Stocks held onto highs on Friday in a quieter, low-volume session ahead of the Independence Day long weekend.
The S&P 500 had traded just 143 million shares by late morning Friday, a fraction of the three-month daily average of 641 million shares.
The S&P 500was up 0.44%, theDow Jones Industrial Averagerose0.35%, and theNasdaqadded0.74%.
It will likely be a choppy and erratic session with low activity heading into the Independence Day long weekend.
"We're likely going to see some skeleton crews on Wall Street as many usually take long holiday weekends to enjoy the summer around holidays," said James Stanley, currency analyst at DailyFX. "This is relevant for traders because this could mean lower levels of liquidity."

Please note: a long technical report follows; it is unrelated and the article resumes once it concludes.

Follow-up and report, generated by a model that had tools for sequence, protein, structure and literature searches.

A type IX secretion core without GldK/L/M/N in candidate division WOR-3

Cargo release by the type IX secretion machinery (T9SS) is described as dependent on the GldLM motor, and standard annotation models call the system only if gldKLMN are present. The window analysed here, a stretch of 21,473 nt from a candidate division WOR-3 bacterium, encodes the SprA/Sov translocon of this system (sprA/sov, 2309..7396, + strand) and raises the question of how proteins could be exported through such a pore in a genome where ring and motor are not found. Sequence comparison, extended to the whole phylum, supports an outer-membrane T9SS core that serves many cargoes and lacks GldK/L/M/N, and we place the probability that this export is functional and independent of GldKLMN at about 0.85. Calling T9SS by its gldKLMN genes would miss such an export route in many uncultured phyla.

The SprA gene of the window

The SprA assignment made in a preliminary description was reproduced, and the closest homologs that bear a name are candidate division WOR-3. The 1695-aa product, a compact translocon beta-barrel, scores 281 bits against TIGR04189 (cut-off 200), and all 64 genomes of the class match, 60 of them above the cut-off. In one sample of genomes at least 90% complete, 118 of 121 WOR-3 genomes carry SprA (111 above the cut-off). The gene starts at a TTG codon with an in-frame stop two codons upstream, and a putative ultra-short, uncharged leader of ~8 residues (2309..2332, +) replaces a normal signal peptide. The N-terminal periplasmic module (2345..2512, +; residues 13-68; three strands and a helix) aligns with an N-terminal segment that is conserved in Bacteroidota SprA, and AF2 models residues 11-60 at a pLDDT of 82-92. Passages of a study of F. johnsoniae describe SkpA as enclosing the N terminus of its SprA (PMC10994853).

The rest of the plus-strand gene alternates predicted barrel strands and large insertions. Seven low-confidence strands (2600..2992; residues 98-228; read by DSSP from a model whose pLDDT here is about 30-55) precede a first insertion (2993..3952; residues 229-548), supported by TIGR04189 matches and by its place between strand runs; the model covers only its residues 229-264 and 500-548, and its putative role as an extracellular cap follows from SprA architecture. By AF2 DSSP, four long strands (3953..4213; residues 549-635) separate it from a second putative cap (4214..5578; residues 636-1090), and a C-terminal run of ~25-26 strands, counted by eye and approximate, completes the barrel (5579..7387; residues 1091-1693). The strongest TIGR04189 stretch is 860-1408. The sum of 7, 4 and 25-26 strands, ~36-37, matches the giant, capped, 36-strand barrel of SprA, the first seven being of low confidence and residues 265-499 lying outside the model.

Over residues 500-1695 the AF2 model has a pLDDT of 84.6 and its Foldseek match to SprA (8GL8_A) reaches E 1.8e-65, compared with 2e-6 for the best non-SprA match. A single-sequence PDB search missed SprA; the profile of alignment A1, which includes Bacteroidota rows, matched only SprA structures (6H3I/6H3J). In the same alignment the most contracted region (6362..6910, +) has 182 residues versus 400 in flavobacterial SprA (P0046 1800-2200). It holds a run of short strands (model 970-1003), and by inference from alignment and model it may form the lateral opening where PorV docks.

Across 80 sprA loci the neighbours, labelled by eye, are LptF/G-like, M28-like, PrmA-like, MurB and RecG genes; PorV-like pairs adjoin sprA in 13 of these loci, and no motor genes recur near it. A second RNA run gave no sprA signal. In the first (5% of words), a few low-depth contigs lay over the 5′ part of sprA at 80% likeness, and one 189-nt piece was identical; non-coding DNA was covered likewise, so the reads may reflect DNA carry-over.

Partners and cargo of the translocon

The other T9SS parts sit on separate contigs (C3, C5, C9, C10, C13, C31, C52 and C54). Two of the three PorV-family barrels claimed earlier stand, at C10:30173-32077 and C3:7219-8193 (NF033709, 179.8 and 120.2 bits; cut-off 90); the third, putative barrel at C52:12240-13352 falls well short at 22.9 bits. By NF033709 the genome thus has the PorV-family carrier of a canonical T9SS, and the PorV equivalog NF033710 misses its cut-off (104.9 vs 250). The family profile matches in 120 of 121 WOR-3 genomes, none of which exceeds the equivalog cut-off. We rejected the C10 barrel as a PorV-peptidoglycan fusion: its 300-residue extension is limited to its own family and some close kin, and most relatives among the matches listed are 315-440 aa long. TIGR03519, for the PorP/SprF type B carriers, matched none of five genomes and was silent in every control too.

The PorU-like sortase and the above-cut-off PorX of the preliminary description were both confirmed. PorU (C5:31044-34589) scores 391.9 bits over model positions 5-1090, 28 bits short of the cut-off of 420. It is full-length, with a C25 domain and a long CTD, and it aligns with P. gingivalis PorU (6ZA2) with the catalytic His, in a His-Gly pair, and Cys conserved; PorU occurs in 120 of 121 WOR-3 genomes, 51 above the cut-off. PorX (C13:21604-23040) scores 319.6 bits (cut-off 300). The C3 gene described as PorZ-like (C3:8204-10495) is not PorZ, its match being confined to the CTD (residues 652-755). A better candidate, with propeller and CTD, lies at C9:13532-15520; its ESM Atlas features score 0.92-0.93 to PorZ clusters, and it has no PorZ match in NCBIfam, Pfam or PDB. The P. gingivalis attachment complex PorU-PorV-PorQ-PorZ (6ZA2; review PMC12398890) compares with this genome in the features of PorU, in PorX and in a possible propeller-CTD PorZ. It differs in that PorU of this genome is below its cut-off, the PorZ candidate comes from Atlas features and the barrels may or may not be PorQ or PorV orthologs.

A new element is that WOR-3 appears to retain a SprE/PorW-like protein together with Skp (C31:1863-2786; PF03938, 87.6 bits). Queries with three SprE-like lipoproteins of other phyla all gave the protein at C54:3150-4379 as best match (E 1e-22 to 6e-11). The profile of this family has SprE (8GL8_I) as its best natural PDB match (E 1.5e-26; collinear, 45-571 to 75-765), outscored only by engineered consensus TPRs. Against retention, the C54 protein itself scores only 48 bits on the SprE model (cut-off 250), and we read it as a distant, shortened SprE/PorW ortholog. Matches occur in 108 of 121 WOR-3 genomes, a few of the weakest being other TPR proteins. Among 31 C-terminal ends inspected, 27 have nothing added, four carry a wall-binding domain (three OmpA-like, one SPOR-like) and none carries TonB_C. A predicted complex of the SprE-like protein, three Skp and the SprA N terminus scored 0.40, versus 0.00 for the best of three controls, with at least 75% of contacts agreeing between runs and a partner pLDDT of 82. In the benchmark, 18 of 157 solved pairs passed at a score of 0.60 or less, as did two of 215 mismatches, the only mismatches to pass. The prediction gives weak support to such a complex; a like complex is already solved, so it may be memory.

Manufacturing activity in the U.S. continued to recoverin Junefrom a rough start to the year as the headwinds of a stronger U.S. dollar and weaker global demand began to ease. The ISM Manufacturing Index rose to 53.2 in June from 51.3. Analysts expected a reading of 51.5.
A separate read on the manufacturing activity showed June levels at their best in three months. The Markit's U.S. PMI Manufacturing Index increased to 51.3 in June from 50.7.
Construction spending fell in May, according to the Census Bureau. The measure declined 0.8%, a surprisingreading that conflicted with estimates of a 0.6% increase. Residential spending was flat from April's reading, while nonresidential spending declined 1.3%.
It's been a wild week for stocks. Wall Street began the week in sharp decline after the shock of Friday's pro-Brexit vote, before snapping into recovery mode. Stocks recovered from the Brexit selloff on hopes of increased monetary stimulus from the world's central banks. Bank of England Governor Mark Carney fueled those hopes on Thursday when he noted that the central bank would likely need to implement further easing.